Crisis, & Class Struggle are available through the Odyssey Book
Shop. A packet of readings is now available
from the main economics department office. See Dawn Larder.
Requirements: This course builds on the knowledge acquired in EC
213, Economic Development. A student who is concerned that
she may have inadequate preparation for this course should feel free to
contact me at extension 2043 or by e-mail (sgabriel).
introduction, assignments, & clarifications
Amartya Sen, "The Concept of Development," Chapter 1 in Handbook of Development Economics, Volume 1, pp. 9-26.
|Feb. 5-12||Michael Hardt and Antonio Negri, Empire, Harvard University Press, 2000|
|Gabriel, Globalization (online)|
|Development & the Asian Economic Crisis|
|Feb. 19-March 5||Burkett
Crisis, and Class Struggle, St. Martin's Press, 2000
Additional Readings TBA
|March 12||Gabriel, China Essay Series (online).|
George and Fabrizio Sabelli, excerpts from Faith and Credit: The
World Bank's Secular Empire
Michel Chossudovsky, The Globalization of Poverty
Arthur McEwan, Neo-liberalism or Democracy? Economic Strategy, Markets, and Alternatives for the 21st Century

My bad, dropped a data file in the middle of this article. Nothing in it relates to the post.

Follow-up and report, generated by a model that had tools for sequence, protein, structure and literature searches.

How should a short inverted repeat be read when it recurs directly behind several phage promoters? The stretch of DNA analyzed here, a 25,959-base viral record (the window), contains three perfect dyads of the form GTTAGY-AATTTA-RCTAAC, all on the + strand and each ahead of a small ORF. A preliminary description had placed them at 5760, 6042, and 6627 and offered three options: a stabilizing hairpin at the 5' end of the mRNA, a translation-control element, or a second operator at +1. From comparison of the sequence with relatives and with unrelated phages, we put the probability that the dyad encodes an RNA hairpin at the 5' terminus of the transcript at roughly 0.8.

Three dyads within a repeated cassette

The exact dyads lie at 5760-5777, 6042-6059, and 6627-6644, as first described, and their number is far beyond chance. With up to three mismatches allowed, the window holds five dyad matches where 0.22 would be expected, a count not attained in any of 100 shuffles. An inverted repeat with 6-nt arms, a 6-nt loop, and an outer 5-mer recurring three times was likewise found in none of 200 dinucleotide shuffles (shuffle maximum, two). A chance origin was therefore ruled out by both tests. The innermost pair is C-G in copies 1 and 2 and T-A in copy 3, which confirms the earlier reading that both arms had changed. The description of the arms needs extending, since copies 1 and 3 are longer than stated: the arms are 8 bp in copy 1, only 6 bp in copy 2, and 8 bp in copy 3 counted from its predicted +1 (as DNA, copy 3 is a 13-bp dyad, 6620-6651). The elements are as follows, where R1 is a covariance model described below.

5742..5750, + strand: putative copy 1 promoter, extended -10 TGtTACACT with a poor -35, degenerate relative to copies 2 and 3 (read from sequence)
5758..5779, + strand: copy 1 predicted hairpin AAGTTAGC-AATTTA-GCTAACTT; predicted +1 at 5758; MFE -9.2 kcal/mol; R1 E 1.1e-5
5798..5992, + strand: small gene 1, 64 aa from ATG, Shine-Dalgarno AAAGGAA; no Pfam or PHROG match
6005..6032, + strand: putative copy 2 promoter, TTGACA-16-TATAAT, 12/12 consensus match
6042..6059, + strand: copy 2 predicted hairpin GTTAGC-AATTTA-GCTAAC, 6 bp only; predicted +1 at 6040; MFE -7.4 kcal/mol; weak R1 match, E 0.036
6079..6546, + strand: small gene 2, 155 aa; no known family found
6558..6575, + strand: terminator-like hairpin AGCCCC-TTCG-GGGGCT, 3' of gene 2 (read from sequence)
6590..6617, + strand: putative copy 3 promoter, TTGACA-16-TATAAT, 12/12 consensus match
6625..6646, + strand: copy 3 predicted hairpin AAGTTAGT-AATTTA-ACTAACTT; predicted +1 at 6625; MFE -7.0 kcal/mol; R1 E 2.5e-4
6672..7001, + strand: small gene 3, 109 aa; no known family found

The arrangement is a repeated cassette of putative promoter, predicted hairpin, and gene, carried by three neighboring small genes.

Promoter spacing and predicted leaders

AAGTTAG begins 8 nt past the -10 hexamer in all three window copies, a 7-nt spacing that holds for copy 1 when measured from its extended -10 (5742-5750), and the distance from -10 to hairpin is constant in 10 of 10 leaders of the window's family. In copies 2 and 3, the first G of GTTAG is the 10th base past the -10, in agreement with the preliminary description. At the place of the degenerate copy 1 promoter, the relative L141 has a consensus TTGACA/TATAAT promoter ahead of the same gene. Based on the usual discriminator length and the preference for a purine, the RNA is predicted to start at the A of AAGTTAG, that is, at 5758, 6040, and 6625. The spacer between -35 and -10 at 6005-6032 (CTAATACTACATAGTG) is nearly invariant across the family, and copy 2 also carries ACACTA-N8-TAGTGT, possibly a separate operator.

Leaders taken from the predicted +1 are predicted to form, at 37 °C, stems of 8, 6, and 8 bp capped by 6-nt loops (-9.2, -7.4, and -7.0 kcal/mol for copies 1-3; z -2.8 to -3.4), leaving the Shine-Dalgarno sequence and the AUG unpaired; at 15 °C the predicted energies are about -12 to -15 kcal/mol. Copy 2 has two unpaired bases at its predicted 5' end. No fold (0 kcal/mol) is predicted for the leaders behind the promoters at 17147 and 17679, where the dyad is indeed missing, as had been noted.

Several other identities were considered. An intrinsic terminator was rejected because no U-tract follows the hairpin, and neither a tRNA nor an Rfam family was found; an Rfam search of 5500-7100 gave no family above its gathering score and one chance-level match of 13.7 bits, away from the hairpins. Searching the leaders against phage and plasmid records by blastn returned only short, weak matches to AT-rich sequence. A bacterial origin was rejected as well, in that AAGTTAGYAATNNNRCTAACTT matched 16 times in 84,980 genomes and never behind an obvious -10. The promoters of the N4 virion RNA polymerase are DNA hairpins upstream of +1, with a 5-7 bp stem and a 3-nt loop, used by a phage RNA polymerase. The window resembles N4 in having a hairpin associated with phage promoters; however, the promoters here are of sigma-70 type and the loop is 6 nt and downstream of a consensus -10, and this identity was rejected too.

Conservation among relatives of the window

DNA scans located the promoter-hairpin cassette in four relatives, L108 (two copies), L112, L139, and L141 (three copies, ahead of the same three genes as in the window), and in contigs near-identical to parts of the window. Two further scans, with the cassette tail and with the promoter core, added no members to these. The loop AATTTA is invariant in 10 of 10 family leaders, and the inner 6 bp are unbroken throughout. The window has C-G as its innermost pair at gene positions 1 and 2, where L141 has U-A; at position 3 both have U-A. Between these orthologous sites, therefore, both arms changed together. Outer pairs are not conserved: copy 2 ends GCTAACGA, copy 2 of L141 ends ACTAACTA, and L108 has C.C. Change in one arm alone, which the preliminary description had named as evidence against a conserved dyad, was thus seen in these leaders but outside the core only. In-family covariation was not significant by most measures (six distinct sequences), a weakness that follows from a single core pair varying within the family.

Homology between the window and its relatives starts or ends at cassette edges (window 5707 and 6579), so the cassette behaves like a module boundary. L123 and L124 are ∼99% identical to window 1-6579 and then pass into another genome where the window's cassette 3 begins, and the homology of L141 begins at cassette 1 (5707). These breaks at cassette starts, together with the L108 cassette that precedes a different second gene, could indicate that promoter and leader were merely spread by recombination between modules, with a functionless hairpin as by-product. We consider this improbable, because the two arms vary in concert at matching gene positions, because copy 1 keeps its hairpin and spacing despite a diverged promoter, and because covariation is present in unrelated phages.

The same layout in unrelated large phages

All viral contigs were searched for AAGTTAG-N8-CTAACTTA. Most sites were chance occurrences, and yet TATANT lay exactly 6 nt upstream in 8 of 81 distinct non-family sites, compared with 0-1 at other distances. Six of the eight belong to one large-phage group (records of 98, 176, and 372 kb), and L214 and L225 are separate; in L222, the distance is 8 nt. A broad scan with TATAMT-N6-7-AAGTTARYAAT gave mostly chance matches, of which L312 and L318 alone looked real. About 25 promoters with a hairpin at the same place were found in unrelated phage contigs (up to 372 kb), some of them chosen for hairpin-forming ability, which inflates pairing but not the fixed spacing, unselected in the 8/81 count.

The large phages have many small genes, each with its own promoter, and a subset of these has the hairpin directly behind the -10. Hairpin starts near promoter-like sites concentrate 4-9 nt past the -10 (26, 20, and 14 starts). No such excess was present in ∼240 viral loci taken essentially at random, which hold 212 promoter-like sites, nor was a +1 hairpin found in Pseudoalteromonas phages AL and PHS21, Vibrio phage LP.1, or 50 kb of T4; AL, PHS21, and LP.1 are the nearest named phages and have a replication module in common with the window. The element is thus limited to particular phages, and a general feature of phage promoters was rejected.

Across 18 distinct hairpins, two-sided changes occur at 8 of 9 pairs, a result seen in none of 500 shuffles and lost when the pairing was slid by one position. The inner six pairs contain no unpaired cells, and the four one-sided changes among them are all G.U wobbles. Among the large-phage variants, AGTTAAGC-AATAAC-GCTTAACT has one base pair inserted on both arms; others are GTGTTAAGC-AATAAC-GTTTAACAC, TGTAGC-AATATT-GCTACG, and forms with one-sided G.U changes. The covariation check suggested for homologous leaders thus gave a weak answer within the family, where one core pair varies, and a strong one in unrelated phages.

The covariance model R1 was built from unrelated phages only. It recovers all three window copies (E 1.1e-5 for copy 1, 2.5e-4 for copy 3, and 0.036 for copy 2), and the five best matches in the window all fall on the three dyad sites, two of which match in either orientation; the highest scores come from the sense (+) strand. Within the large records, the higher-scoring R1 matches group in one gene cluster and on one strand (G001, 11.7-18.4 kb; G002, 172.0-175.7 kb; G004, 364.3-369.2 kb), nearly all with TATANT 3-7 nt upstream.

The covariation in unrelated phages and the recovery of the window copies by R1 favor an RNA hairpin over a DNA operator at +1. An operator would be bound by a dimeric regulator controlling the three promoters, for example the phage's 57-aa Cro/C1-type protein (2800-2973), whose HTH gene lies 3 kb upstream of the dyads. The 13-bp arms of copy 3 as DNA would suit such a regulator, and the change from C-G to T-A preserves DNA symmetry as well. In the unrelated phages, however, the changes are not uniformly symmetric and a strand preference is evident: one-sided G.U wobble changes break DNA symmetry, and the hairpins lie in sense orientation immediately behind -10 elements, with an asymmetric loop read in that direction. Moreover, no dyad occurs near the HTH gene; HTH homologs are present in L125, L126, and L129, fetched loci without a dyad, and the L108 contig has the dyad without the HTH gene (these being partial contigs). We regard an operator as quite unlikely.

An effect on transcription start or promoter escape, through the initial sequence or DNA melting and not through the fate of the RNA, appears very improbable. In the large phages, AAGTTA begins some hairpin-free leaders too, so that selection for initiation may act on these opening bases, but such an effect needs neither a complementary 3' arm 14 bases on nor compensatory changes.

James Crotty, excerpt from "Structural Contradictions of the Global Neoliberal Regime"
Mieke Meurs, excerpt from "Are Markets Like Mushrooms? And Other Neoliberal Quandries"
|Is the Concept of Neocolonialism Still Relevant?|
M. Blaut, The Colonizer's Model of the World --- Geographical Diffusionism
and Eurocentric History
Hernando de Soto, The Mystery of Capital: Why Capitalism Triumphs in the West and Fails Everywhere Else
|Typologies versus World Systems|
and Ranis, Growth and Underdevelopment from an Evolutionary Perspective.
Dick Bryan, "Global Accumulation and Accounting for National Economic Identity"
Immanuel Wallerstein, The Capitalist World Economy
Veron, "The "New" Kerala Model: Lessons for Sustainable Development"
Gill Seyfang and Ruth Pearson, "Time for Change: International experience in community currencies".